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Exposing Nigerian Looters’ Assets in The UK



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  • Exposing Nigerian Looters’ Assets in The UK

Many countries across the world are safe havens for corrupt Nigerian public officials and white-collar crooks. The United Kingdom, arguably the leading culprit, has taken a bold initiative to redeem itself. When the plan is consummated through a pending legislative mechanism, bank accounts, properties and other assets that fail the legitimacy test will be confiscated and exposed. The drive, which will assist Nigeria in its anti-corruption battle, surely is a game-changer. Nations need to work together on mutual legal assistance and extradition in corruption cases to recover looted funds and bring fugitives to justice.

There’s much reason to cheer the initiative. The Executive Secretary of the Presidential Advisory Committee against Corruption, Bolaji Owasanoye, who hinted of this recently in New York, the United States, said the new offensive will be launched using the UK’s “Unexplained Wealth Order Bill.’’ The Finance Minister, Kemi Adeosun, confirmed the deal that is expected to come into effect in 2018. “There is going to be much better cooperation from the international community. The British government under the beneficiary ownership register, which was signed with David Cameron before he left, is going to give us the list of everyone (Nigerians) that owns property in the United Kingdom.” The loophole in the UK’s law, which prohibits the seizure of questionable properties unless their owners have first been convicted in their countries of origin, will eventually be closed.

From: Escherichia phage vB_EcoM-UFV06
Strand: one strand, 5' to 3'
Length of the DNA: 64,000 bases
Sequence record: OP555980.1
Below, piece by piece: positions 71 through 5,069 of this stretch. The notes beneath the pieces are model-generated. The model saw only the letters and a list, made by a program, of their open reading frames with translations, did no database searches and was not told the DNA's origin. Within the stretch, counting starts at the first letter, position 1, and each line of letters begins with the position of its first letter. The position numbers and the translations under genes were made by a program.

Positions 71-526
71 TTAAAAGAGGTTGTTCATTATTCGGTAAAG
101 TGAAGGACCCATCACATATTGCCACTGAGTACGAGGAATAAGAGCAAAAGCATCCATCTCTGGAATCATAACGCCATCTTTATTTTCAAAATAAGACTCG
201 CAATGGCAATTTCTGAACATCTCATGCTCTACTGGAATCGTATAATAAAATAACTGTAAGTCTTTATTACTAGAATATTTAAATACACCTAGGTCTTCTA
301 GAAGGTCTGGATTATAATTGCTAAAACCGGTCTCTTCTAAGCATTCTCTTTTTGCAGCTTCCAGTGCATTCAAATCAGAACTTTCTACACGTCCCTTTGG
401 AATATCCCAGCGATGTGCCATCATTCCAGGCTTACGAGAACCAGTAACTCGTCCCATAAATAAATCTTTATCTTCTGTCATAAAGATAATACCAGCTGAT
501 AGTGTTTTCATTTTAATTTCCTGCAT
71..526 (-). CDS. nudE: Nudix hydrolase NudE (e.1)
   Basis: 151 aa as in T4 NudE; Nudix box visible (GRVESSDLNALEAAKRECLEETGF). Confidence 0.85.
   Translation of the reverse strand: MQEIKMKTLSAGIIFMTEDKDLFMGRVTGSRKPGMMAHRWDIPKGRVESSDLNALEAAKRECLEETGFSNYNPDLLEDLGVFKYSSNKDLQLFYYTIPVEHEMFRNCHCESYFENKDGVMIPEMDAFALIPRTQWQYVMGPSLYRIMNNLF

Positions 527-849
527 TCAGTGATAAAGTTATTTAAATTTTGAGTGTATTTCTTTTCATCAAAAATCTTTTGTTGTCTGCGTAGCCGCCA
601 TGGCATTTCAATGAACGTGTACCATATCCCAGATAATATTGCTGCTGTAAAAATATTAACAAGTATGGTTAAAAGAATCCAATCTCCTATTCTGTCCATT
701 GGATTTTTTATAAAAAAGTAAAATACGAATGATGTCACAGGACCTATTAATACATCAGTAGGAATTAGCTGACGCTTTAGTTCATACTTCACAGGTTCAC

Undoubtedly, the move is a logical corollary to the UK’s resolve to push for a global consensus against the corruption epidemic, for which it hosted a summit last December. The UK Labour Party Shadow Secretary for International Development, Diane Abbott, had last year accused the government of not taking real measures “to close Britain’s constellation of tax havens, which constitute the largest financial secrecy network in the world.” All true, of course. It is estimated that about $60 billion illicit money goes out of Africa annually. After the summit, the UK government emphasised that there would be nowhere for looters to hide; and those involved would be pursued and punished. “By sending a clear message to the corrupt, there will be no impunity; we will restrict their ability to operate in our countries,” read the message.